How does tokenization protect against data breaches
Liability is reduced, data theives thwarted by tokens.
Credit card tokenization is a powerful new tool in combating credit card fraud and keeping personal information secure. The phrase has become more commonplace lately as more credit card processing companies roll out ways of protecting credit card numbers. One of the best known Tokenization tools is First Data’s Transarmor Fraud Prevention system.
What is the difference between tokenization and encryption? This is the most commonly asked question about the process. Basically, encryption is used in the process, so when a card is run it is sent securely to a processing network, where the card number is converted into a "token" that only has value to the merchant and the processor. Imagine exchanging money for poker chips that were only valuable when you used them, but could not be exchanged by anyone else. Merchants can use tokens for recurring billing, or to give a refund, or to even to dispute a chargeback, without having to know the card number. The other key differnce between encryption and tokenization is that someone could potentially crack the encryption on your terminal (which is why you should upgrade every few years) but if someone got a list of your tokens there is nothing they could do to convert them back into credit card numbers. This is because the only party that knows the relationship between the card number and the token is the processor. This may sound nuanced and semantic, but what this really means is that you aren't holding sensitive cardholder information, so your liability under PCI-DSS rules drops substantially. In the encryption vs. tokenization debate, there is a bit of a false argument because all transactions are still encrypted when sent through your terminal. However, a transaction involving tokens, even when decrypted or cracked by a data thief, would not disclose cardholder data.What is credit card tokenization? Basically, when customer credit card information is swiped through a terminal or reader, it gets encrypted and swapped with a “token.” This token takes the actual credit card number out of the payment processing environment, and even if a token number was stolen, it would be unusable for making purchases anywhere else. Credit card tokenization may also be known as PCI tokenization, since the data being tokenized is encrypted for the purposes of PCI-DSS security compliance standards. Additionally, it may be known as PCI tokenization because it is implied to meet the standards set forth in PCI (Payment Card Industry) documentation for securing credit card information.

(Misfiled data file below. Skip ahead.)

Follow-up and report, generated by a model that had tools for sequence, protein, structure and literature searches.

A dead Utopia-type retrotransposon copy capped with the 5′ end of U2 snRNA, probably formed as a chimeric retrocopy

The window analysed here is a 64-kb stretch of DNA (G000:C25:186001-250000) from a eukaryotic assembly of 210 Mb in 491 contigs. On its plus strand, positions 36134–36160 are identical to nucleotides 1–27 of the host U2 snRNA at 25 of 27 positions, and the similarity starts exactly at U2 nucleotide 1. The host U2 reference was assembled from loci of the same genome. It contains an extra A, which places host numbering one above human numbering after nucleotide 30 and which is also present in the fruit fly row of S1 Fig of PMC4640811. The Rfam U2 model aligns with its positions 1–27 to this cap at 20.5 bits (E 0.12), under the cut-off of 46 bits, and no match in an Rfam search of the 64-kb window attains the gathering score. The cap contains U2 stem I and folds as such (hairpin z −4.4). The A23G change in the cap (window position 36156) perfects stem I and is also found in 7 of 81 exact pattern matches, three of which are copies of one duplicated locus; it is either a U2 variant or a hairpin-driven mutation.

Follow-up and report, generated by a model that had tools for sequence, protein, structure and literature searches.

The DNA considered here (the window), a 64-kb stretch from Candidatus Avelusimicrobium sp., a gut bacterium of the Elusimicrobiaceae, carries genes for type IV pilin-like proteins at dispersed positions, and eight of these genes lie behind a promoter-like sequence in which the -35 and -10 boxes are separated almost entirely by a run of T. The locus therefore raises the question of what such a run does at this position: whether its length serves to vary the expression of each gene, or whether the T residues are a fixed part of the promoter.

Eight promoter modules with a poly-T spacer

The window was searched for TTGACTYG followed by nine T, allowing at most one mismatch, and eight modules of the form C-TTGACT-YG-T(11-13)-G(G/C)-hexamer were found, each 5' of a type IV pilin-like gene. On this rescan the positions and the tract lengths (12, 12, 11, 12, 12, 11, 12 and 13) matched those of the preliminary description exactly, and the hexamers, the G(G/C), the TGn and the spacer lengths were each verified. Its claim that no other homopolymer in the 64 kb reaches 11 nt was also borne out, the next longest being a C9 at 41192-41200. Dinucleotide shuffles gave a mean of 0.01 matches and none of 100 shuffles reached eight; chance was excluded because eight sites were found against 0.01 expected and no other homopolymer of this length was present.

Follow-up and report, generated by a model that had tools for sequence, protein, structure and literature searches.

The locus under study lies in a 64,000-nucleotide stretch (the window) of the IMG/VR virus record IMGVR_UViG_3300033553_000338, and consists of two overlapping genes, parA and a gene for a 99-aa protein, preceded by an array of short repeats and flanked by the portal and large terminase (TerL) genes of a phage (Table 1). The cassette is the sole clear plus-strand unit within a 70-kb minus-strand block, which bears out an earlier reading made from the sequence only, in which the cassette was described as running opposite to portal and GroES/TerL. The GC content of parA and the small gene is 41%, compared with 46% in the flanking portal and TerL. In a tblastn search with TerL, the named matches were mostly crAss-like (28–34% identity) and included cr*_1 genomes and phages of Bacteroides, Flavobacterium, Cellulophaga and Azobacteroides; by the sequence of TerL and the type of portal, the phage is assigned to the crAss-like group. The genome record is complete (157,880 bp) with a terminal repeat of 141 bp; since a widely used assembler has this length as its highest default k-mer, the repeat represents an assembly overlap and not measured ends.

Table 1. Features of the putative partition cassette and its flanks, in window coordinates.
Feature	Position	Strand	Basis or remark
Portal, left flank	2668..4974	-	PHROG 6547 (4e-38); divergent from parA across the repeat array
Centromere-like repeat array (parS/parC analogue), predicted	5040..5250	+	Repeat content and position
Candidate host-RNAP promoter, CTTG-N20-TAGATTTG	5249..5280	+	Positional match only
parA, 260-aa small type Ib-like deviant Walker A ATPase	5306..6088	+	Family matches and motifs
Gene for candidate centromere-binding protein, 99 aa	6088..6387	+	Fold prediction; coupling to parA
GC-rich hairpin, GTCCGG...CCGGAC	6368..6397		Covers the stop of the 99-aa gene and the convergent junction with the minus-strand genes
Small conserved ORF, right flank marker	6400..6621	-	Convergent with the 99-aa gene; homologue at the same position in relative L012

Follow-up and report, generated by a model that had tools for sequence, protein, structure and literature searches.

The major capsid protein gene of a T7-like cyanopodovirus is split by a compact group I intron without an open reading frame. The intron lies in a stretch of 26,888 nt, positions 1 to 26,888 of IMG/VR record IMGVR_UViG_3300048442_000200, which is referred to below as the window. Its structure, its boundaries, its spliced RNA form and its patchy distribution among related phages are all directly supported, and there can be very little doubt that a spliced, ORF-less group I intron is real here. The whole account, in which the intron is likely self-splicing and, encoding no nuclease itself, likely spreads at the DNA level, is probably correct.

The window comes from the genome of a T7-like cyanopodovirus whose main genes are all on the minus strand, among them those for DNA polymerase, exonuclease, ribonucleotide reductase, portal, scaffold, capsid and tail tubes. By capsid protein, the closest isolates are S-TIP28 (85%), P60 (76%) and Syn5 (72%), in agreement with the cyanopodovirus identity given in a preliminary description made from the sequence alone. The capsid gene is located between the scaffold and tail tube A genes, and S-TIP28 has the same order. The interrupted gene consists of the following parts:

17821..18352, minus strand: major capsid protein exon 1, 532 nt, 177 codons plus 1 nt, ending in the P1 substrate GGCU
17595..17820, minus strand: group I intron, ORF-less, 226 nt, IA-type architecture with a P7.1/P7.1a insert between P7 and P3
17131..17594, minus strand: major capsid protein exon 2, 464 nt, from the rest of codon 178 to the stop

Notes and Special Information
Special note: Tokenization may have an unseen downside or there may be cases where the token could be abused from within your own data environment, so even though you can reduce a lot of exposure by tokenizing credit cards, you should still be very careful to make sure you don't let the token info become accessible to just anyone in your company.